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Friday, February 12, 2010

Currumbin Welcomes Marsupial Rock Stars



They’re Currumbin Wildlife Sanctuary’s resident rock stars – they’re rare, shy, but cute animals with their own exclusive home that they share with some long-legged birds.

Currumbin’s Brush-tailed Rock-wallabies are part of a NSW Government recovery program to stop the rapid decline of this species which was once found along the Great Dividing Range between Nanango in Queensland to the Grampians in Victoria.

They’re four Brush-tailed Rock-wallabies – a male, two females and one joey – which can now be seen in daily, guided tours to encounter this rare and critically endangered species.

The true rock stars of the marsupial world, the rock wallabies can bound more than two metres, and display incredible agility and speed in negotiating the steep, craggy rock faces where they live.

At Currumbin, the specially created Rock-wallaby enclosure is also home to Brolgas and a Whip-tailed Wallaby. It also replicates their natural environment with rocky outcrops and ledges created from the shells of recycled cars.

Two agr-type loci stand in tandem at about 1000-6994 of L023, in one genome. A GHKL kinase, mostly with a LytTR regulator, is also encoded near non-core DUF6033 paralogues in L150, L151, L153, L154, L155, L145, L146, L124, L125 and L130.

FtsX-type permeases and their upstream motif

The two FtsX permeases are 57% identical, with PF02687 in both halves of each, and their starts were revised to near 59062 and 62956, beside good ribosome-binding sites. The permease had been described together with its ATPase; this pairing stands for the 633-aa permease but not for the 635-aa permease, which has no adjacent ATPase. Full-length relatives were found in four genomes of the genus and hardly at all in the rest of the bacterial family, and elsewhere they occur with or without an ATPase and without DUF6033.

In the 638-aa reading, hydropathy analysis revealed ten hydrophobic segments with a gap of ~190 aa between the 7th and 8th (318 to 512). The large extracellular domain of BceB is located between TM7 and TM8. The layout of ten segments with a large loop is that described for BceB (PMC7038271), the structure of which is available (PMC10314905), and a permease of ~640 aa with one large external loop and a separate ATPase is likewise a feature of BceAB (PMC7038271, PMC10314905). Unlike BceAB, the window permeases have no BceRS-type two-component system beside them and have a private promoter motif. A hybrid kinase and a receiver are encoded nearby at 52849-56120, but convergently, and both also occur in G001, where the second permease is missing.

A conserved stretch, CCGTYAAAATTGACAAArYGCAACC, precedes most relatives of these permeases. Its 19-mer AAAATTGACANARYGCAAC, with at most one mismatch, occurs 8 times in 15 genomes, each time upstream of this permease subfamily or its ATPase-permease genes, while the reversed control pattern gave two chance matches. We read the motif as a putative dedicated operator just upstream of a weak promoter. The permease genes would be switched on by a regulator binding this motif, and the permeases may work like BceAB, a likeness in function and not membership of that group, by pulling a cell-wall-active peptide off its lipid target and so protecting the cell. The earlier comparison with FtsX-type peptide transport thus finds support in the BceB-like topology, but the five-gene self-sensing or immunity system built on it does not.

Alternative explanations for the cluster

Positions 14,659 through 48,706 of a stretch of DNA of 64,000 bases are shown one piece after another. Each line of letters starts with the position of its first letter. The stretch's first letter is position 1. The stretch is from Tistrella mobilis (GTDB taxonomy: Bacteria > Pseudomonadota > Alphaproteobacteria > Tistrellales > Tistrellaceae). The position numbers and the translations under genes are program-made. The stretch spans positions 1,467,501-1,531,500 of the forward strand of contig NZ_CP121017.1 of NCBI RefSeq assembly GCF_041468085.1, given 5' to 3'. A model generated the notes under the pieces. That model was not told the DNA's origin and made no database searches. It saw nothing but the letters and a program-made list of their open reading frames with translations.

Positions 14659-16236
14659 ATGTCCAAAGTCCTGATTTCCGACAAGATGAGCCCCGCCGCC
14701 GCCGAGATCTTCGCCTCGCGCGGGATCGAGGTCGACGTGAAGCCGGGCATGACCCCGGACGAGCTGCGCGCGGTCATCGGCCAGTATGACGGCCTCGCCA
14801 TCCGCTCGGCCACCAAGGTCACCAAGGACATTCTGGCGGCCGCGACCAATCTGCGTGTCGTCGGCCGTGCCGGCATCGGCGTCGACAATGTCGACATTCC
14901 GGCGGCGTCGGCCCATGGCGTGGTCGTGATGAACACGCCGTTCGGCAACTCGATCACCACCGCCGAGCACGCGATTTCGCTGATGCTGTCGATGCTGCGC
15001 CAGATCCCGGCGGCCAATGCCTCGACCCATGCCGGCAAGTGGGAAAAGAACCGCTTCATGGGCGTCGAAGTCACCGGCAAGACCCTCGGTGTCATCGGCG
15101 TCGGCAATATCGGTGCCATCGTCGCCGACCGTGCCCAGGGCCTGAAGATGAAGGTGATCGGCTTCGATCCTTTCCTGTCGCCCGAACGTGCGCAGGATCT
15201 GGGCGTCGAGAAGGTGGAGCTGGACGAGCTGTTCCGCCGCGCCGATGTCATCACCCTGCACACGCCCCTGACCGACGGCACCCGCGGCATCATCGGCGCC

However, the rock-wallabies are now extremely rare and elusive in the wild – so elusive, they have been nicknamed the Shadow by researchers trying to track them.

Currumbin is one of only four Australian institutions housing the Central ESU population of Brush-tailed Rock-wallaby as part of the recovery program now giving hope for the survival of the species.

Under the program, successful breeding with the rock-wallabies can result in animals being introduced into the wild to help restock dwindling populations.

But because of this, the rock-wallabies at Currumbin will have minimal direct human contact, allowing them to retain their natural characteristics and behaviour.
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